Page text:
Furthermore, Murphy states that trust is one of the most important foundations for a satisfying romantic relationship. Relationships without this foundation are more likely to fail.
|Signs That You’re Not Listening Effectively In Your Relationship|
Relationship experts agree with Murphy’s position that listening builds stronger relationships. Recall that most people overestimate their listening abilities—to keep your relationship strong, avoid behaviors that relationship experts say are signs that you may not be listening effectively to your partner.
Changing the subject. Many partners will avoid difficult subjects by bringing up something else. This will leave the person raising the issue feeling unheard.
Trying to convince. Some people will respond to a relationship problem by trying to persuade the other person out of their point of view. This will also leave them feeling like you’re not listening.
Shifting responsibility. By trying to reframe a problem as your partner’s fault, you’ll shut down any chance to really hear what they’ve to say because they may become closed off and defensive.
Benefit #3: Supports Healthy Development in Children
By forging strong connections through effective listening, parents can help their children grow into healthier adults. Murphy explains that children need to feel heard to build trusting relationships with their parents. When children grow up, their relationships with their parents will form the template for their future relationships with others. Children who don’t form strong connections with their parents may struggle to form strong connections with others later in life.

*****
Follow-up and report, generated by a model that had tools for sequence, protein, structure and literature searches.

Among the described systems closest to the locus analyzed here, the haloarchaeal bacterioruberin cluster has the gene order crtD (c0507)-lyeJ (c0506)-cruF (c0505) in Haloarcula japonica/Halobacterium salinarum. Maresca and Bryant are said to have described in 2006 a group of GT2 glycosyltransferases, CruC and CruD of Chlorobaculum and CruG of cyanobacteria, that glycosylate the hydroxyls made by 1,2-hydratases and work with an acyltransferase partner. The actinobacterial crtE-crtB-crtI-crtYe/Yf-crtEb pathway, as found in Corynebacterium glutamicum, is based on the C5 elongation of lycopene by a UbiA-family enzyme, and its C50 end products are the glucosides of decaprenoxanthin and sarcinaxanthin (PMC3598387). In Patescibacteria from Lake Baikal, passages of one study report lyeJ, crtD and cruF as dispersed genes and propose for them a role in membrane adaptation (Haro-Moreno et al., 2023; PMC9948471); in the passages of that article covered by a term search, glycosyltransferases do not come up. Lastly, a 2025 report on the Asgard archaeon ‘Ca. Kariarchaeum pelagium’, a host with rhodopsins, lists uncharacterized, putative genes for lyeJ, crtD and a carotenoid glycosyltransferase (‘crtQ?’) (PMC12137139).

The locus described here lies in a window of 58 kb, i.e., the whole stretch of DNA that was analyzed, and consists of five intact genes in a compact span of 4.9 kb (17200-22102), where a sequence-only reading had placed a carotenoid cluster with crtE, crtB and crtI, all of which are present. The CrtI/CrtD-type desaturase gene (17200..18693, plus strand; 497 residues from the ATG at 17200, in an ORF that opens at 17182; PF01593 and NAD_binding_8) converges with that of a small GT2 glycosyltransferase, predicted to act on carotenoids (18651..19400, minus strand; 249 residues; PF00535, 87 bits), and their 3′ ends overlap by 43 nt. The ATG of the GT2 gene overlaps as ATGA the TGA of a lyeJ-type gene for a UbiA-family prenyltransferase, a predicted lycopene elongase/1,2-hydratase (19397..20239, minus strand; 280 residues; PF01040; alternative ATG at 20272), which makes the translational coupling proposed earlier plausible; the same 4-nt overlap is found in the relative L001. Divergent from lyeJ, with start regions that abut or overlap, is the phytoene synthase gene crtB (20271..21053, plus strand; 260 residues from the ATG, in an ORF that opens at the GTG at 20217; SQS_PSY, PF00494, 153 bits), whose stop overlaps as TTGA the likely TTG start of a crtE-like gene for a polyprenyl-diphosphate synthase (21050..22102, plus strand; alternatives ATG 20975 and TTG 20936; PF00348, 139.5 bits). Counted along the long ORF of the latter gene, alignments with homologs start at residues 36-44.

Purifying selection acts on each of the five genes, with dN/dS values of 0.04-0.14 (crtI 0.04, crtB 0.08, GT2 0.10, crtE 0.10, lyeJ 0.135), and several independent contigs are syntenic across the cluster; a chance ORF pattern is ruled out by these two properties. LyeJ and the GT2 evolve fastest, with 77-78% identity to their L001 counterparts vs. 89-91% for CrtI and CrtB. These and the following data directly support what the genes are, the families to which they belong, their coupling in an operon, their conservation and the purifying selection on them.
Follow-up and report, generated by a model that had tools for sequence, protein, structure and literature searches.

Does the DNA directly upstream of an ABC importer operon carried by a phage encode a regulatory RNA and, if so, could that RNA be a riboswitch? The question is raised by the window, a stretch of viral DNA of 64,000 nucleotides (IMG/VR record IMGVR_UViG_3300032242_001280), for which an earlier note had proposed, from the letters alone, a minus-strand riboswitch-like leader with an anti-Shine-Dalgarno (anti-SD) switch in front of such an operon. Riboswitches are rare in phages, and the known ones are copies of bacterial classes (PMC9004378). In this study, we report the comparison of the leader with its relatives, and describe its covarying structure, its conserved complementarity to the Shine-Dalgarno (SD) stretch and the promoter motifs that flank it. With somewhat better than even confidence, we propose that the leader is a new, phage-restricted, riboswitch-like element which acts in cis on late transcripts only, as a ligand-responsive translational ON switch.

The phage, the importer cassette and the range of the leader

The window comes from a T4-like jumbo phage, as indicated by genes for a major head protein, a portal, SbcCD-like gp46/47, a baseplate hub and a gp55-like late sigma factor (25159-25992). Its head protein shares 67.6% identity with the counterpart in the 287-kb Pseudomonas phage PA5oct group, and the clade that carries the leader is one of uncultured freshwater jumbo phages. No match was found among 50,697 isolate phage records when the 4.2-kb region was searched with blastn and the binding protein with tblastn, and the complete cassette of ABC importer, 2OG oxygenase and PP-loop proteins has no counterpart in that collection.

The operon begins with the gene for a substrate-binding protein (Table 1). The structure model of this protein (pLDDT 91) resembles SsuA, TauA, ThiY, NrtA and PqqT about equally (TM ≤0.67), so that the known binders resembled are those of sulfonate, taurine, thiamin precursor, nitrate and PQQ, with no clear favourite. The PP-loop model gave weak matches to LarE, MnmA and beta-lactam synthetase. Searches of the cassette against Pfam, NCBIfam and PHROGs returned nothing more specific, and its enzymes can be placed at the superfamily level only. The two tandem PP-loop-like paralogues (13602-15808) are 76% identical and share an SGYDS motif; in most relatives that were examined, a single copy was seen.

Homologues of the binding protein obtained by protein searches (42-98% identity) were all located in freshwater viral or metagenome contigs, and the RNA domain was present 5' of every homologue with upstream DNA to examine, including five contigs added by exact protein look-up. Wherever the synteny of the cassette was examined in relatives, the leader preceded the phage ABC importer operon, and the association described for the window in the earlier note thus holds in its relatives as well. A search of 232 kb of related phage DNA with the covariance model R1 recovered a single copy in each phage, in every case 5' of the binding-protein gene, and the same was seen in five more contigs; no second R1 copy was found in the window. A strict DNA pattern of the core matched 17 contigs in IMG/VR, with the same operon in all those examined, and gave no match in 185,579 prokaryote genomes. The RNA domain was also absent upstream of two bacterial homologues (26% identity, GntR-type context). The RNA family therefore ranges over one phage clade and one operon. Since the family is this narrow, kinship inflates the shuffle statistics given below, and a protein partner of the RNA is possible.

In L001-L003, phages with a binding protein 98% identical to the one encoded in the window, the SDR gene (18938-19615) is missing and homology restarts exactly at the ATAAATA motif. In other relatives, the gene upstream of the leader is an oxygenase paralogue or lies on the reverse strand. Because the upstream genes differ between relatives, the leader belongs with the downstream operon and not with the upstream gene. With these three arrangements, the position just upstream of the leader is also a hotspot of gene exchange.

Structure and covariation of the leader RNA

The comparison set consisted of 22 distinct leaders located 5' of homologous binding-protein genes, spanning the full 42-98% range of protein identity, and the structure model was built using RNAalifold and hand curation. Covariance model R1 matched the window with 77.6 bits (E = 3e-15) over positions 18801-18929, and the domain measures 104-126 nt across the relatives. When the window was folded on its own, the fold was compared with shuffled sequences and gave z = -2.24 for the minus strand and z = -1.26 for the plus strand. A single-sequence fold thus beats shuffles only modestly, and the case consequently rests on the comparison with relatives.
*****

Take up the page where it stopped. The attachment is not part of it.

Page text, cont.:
|How to Listen More Effectively to Your Children|
Even if you feel that you’re effectively listening to your child, Murphy explains that to gain the developmental benefits of a listening parent, children need to feel heard. Psychologists offer several pieces of advice for showing a child they’re being heard.
1. Prepare yourself to listen. When your child has something to say to you, take the time to prioritize listening. Put away whatever you’re doing and give them your undivided attention.
2. Ask your child what kind of feedback they’re looking for. Your child may be looking for affirmation, advice, or simply a chance to vent. Clearly understanding your child’s needs in the conversation will help them feel heard.
3. Acknowledge your child’s emotions. Recognize what your child is feeling and reflect it back to them with a simple statement like, “That must have been frustrating.” This helps children feel understood and teaches them to manage their emotions.
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Like what you just read? Read the rest of the world's best book summary and analysis of Kate Murphy's "You're Not Listening" at Shortform.
Here's what you'll find in our full You're Not Listening summary:
- A look at how listening skills are disappearing throughout society
- How to become a better, more effective listener
- Why it's easier to listen to strangers than to those close to you